European Gram Negative AntiBacterial Engine

 

IMI

Enable

 

 

 

 

 

 

http://nd4bb-enable.eu/

Acronym:  ENABLE
Funding scheme: JTI-CP-IMI – Joint Technology Initiatives – Collaborative Project (IMI)
Call identifier: IMI-JU-08-2012
Implementation period:  01.02.2014. – 31.01.2020.
Project coordinator: GlaxoSmithKline
Project partners:

EFPIA (European Federation of Pharmaceutical Industries and Associations) companies
• GlaxoSmithKline Research and Development Ltd, Brentford, UK
• AstraZeneca AB, Sodertalje, Sweden
• Basilea Pharmaceutica AG, Basel, Switzerland
• Sanofi-Aventis Research and Development, Chilly-Mazarin, France

Universities, research   organisations, public bodies, non-profit groups
• Agencia Estatal Consejo Superior de Investigaciones Cientificas, Madrid, Spain
• Aston University, Birmingham, UK
• Cardiff University, Cardiff, UK
• European Biotechnology Network aisbl, Brussels, Belgium
• Fundación Centro de Excelencia en Investigación de Medicamentos Innovadores en      Andalucía Medina, Armilla Granada, Spain
• Helsingin Yliopisto, Helsinki, Finland
• Hvidovre Hospital, Hvidovre, Denmark
• John Innes Centre, Norwich, UK
• Københavns Universitet, Copenhagen, Denmark
Latvijas Organiskas Sintezes Instituts, Riga, Latvia
• National Medicines Institute (Narodowy Instytut Lekow), Warsaw, Poland
• Servicio Madrileno De Salud, Madrid, Spain
• SP Process Development, Södertälje, Sweden
• Stichting VU-VUMC , Amsterdam, Netherlands
• University Of Oxford, Oxford, UK
• Universitat de Barcelona, Barcelona, Spain
• University of Liege, Liege, Belgium
• Uppsala University, Uppsala, Sweden

Small and medium-sized enterprises (SMEs)
• Asclepia Outsourcing Solutions BVBA, Destelbergen, Belgium
• Beactica AB, Uppsala, Sweden
• Biomol-Informatics SL, Madrid, Spain
• Inspiralis Ltd, Norwich, UK
• KeytoLead AB, Sodertalje, Sweden
• Molecular Discovery Ltd, London, UK
• Northern Antibiotics Oy Ltd, Helsinki, Finland
• OT Chemistry, Uppsala, Sweden
• Redx Pharma Ltd, Manchester, UK
• The Research Network Ltd (TRN), UK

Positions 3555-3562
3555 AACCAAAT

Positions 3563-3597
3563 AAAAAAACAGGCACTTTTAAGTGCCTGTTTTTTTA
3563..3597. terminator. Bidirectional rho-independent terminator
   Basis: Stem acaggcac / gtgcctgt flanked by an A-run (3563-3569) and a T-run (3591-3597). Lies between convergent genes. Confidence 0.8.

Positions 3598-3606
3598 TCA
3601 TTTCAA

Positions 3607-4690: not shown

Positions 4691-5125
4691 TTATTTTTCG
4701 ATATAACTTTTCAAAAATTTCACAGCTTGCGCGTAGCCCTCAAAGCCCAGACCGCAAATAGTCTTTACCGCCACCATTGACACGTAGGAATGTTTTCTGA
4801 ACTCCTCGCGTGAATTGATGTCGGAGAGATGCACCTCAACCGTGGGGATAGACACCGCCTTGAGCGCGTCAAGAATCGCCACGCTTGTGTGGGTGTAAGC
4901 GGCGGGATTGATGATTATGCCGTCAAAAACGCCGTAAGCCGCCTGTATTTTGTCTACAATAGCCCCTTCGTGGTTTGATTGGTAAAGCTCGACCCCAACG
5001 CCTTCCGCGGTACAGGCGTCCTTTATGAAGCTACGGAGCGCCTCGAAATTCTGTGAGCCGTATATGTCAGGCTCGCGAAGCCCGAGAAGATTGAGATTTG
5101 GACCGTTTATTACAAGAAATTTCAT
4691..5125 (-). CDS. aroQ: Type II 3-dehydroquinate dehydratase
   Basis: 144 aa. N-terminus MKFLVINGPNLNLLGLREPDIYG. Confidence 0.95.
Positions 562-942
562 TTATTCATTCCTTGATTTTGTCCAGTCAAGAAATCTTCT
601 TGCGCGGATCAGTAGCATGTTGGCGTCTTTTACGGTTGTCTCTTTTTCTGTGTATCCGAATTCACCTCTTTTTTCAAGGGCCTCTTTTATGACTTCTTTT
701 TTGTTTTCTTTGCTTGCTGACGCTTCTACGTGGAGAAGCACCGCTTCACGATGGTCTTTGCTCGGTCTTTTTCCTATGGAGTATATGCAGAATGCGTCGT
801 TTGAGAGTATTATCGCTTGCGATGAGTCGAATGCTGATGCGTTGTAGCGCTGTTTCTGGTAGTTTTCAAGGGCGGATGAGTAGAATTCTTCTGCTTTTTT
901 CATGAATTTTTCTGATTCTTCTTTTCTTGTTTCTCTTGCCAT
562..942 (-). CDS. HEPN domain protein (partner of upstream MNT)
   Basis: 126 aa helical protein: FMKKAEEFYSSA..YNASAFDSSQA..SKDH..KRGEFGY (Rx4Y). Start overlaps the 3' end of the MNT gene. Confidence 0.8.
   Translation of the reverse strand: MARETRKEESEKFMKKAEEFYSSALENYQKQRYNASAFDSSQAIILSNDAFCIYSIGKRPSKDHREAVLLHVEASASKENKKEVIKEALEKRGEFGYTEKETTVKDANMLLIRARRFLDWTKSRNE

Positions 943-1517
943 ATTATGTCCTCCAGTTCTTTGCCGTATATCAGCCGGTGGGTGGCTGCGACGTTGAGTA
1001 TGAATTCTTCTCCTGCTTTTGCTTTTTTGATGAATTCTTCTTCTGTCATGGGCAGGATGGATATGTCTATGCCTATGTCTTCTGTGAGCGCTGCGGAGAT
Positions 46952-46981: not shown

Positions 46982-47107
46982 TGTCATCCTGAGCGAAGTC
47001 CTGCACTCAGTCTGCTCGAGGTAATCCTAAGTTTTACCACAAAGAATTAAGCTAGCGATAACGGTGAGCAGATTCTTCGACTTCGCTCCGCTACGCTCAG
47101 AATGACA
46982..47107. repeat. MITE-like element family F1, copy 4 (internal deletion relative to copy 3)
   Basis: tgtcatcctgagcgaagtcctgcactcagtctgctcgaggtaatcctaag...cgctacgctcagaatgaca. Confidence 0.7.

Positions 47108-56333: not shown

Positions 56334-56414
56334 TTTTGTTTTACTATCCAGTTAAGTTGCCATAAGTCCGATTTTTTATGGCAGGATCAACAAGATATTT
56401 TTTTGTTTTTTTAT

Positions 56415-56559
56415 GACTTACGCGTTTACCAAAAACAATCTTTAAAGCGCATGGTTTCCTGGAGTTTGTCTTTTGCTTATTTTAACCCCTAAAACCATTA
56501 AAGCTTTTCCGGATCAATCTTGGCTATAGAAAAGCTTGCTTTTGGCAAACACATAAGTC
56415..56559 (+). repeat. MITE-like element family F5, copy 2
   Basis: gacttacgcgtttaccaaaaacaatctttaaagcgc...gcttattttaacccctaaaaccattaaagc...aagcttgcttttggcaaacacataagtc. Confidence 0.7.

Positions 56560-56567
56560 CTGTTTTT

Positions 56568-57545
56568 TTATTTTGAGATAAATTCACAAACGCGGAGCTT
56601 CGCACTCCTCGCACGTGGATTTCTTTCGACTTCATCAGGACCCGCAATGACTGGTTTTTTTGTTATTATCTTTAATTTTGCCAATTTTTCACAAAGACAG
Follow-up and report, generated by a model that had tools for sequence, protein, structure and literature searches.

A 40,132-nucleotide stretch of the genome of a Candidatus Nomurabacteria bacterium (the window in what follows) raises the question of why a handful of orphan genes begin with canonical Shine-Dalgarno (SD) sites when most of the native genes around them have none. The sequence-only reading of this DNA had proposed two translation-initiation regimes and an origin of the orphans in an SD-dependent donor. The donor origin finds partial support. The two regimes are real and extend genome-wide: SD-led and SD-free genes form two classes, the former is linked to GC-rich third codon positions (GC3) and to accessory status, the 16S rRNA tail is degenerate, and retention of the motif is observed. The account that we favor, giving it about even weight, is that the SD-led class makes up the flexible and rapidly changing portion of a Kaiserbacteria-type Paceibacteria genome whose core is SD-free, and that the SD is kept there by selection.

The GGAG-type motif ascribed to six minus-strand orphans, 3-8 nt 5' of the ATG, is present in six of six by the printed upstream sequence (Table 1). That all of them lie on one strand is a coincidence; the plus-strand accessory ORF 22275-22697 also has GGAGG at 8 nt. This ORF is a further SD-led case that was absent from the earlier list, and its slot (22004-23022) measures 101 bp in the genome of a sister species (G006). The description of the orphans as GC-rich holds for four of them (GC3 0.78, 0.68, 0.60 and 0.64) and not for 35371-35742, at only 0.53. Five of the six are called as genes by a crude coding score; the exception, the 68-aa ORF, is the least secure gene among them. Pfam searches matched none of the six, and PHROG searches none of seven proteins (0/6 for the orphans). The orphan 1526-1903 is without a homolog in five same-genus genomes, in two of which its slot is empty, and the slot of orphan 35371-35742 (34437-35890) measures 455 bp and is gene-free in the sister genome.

Leader of Latvian team: Professor Edgars Sūna
Total costs: 100 885 487 EUR
IMI funding : 58 900 000 EUR
EFPIA in kind: 22 952 360 EUR
Costs for Latvian partner: 6 065 220 EUR

Summary
Antimicrobial resistance (AMR) is a major public health threat. Infections caused by resistant bacteria are increasing and causing Europe to face soaring costs both in terms of lives and public health expenditure. Despite the strong need for new antimicrobials, very few new, effective antibiotics have been brought to the market in the last decades. The ENABLE project, within Innovative Medicines Initiative’s New Drugs for Bad Bugs (ND4BB) programme, is working to advance the development of potential antibiotics against Gram-negative bacteria, such as Escherichia coli. The ultimate goal of the project is to develop attractive antimicrobial candidates for testing in the clinic, bringing the possibility of new antibiotics to treat Gram-negative infections one step closer to patients. This collaborative project creates and manages a drug discovery platform for testing and optimising molecules.
Industry and research organisations with interesting molecules and programmes can join the ENABLE project as partners and work with a diverse range of experts in microbiology, pharmacology and chemistry to help advance their molecule through the drug development process until it is an attractive candidate for clinical testing. Programme owners retain full ownership of their molecules to ensure optimum future commercial development.
Since its launch in February 2014, ENABLE has received over 60 expressions of interest from EU-based organisations with anti-infective programmes who wish to become part of this pan-European project. Over 10 programmes were selected by the ENABLE Portfolio Management Committee (PMC) to join the consortium and novel applications will be received until 2018.
The project will focus on the discovery and pre-clinical stages of drug development, as well as (potentially) phase 1 clinical trials.

Project deliverables by 2020:
• Identication of three antibacterial lead programmes which are confirmed as having promising antimicrobial activity
• Identification of two antibacterial clinical candidate programmes for preclinical testing
• Processing at least one compound into preclinical and phase 1 clinical studies, i.e. early clinical safety testing in humans.